Spatial plan insights revealed

Ōhaupō – the town of the future.

That is the scenario and one of several key focus areas included in consultation documents for Waipā’s spatial plan Ahu Ake which the council’s Strategic Planning and Policy committee approved yesterday (Wednesday).

From around 2045, the village will grow by several thousand driven by growth from Hamilton south and the availability of a high-frequency bus service and wastewater, the documents say.

Ōhaupō

Ōhaupō/Rotopiko will become a highly desirable destination and part of the wetland/cultural heritage/mountain offerings of the district. A National Wetland Centre at Rotopiko could support this through tourism and educational offerings and may benefit from a destination management plan.

High economic growth will also continue in and around Hamilton Airport and Hautapu while there would be more housing choices – like small apartments, townhouses and duplexes – in Cambridge and Te Awamutu to accommodate the growing population.

Once the Cambridge to Piarere national road of significance work is completed, and SH1 has been realigned, the council would lobby for Karāpiro School to be moved into the village or ensure there were good connections to the existing school.

Lake adventures at Karāpiro. Photo: Hamilton and Waikato Tourism.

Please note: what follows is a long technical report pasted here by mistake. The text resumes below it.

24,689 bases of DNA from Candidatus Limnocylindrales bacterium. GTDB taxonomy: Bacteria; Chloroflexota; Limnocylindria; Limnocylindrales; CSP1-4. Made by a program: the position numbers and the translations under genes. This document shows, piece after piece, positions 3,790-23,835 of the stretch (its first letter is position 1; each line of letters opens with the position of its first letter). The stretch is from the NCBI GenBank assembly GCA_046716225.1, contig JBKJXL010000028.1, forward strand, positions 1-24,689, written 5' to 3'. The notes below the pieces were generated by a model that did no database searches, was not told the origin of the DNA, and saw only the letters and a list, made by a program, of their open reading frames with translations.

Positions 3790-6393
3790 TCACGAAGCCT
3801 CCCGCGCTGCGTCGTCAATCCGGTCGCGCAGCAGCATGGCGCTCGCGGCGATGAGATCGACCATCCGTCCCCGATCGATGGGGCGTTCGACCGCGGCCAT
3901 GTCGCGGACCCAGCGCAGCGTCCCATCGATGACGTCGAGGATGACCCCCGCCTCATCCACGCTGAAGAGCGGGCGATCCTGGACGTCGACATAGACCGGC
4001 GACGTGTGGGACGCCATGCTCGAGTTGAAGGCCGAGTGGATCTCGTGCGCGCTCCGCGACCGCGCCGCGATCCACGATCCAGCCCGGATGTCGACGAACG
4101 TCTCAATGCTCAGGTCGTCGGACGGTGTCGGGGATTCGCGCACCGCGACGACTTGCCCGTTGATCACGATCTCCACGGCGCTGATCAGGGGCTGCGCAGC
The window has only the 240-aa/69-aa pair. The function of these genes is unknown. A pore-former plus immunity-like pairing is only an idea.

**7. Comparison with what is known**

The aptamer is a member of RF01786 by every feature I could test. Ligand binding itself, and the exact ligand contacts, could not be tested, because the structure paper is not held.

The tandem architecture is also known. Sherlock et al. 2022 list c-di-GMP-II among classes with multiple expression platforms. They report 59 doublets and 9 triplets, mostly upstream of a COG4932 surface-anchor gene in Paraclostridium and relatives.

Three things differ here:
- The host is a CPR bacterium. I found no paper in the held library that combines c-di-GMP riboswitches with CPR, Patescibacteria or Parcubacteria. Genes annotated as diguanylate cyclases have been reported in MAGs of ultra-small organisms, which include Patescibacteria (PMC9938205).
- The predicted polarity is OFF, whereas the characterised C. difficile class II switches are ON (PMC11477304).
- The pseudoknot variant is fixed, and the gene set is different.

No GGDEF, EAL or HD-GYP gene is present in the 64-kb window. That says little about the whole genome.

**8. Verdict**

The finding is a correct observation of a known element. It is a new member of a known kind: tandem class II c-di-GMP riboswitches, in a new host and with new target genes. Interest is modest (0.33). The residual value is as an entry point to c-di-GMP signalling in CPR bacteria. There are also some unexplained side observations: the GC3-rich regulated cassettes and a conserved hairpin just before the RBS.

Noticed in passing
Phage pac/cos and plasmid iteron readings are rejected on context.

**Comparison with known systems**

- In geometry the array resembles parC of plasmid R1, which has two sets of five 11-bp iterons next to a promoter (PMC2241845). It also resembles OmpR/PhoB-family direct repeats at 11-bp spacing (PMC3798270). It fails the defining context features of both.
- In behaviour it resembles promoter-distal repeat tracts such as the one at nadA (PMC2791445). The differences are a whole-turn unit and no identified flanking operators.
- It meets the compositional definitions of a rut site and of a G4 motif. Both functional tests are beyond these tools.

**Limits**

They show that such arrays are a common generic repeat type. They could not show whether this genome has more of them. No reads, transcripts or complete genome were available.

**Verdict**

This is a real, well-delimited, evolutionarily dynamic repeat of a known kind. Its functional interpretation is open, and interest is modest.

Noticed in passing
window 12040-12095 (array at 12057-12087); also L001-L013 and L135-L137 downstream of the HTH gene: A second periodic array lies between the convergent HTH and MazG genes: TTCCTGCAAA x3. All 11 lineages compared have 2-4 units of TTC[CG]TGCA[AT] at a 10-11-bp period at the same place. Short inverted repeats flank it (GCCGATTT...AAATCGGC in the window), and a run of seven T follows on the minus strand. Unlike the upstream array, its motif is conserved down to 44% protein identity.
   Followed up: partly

Working alongside mana whenua, there would be more recreational and cultural areas and better facilities created around Lake Karāpiro to attract more visitors.

Consultation on Ahu Ake started in 2020 and engagement undertaken with mana whenua, key stakeholders and the wider community.

A Back to the Land scenario is now included which shows papakāinga developments across the district, revitalised marae, more young people living in rural environments, and people commuting less as work arrangements become more flexible and working from home becomes more the norm.

World Café workshops last year added to the consultative process. Formal consultation with the public starts later this year.

Mt Pirongia. Photo: Hamilton and Waikato Tourism.

Other key focuses in Ahu Ake are:

  • Protecting and improving Waipā’s at-risk peat lakes and investing in the creation and protection of a network of ecological reserves linking them with Pirongia, Kakepuku and Maungatautari mountains.
  • Investing in frequent public transport options and introducing a service between Cambridge and Te Awamutu.
  • Better walking and cycling connections.
  • Improving how the district recognises and showcases art, architecture, events and design that connects with Waipā’s history.
  • Invigorating town centres by making them more vibrant by improving existing spaces, such as town hall, parks and plazas which allow people to connect.
  • Completing and extend the recreational cycleway network linking Pirongia, Ngā Roto, Ōhaupō and Te Awamutu.

    An artists’ impression of the Ōhaupō pedestrian crossing nearing completion.

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